New Zealand Tobacco Control research
The New Zealand government committed to a goal of reducing tobacco smoking to less than 5 percent by 2025. Research is vital to ensure that policies and programmes to achieve the goal are evidence-based.
New Zealand’s successful comprehensive tobacco control programme has seen smoking reduce from 27 percent in 1997 to 15 percent in 2014. If New Zealand is to become Smokefree by 2025 the rate of decline in smoking needs to be increased. Innovative interventions are needed.
Tobacco control agencies in New Zealand
The National Institute for Health Innovation
The National Institute for Health Innovation (NIHI) is a leading New Zealand research institute with a focus on prevention and management of common serious diseases and effective healthcare.
NIHI is part of The University of Auckland and provides independent scientific evidence that supports individuals, communities, clinicians, and policy makers to 'get it right'.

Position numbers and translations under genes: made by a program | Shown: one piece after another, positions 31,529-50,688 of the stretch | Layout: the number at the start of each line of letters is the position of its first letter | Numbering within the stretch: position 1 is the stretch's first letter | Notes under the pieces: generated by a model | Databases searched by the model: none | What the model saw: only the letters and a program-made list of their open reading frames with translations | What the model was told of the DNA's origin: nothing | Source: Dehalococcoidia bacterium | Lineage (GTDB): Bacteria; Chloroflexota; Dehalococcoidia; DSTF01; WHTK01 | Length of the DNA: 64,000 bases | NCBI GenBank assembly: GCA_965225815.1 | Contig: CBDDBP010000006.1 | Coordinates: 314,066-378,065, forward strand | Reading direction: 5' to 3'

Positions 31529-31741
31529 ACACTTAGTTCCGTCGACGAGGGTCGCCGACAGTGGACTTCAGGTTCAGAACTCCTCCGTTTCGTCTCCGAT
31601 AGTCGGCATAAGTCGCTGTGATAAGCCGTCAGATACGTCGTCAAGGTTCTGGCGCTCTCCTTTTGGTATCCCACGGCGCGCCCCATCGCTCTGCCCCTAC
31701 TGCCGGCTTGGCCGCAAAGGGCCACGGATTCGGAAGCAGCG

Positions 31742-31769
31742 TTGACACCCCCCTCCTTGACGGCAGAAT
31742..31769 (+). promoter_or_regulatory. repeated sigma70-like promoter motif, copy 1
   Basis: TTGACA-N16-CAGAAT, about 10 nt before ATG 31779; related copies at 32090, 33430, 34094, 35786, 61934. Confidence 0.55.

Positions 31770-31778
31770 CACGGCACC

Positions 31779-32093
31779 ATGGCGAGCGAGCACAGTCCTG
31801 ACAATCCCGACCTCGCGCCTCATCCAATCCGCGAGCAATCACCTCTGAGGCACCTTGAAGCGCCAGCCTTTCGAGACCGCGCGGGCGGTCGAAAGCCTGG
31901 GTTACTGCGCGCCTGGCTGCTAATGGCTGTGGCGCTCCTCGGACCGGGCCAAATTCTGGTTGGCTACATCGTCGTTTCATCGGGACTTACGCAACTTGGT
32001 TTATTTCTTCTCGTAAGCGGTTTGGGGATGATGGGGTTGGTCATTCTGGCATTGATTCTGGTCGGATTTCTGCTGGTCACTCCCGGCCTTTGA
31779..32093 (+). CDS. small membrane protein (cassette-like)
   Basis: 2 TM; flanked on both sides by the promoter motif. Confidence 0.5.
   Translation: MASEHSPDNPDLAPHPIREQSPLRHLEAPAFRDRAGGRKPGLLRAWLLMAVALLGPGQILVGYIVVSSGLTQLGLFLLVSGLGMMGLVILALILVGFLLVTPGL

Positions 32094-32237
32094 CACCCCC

SHORE is a multi-disciplinary group, at Massey University, undertaking policy and community research and evaluation on a variety of health and social topics, including tobacco. SHORE works in a Treaty of Waitangi partnership model with the Māori research group The Rōpū Whāriki.
Tobacco Control research Tūranga
In 2010, the Ministry of Health and Health Research Council of New Zealand formed the Reducing Tobacco-related Harm Research Partnership. Then in 2011 they awarded $5 million to the University of Auckland to establish the New Zealand Tobacco Control Research Tūranga.
The Tūranga is a multi-disciplinary network of researchers from across New Zealand led by Professor Chris Bullen (National Institute of Health Innovation) and Dr Marewa Glover (Centre for Tobacco Control Research) of the University of Auckland.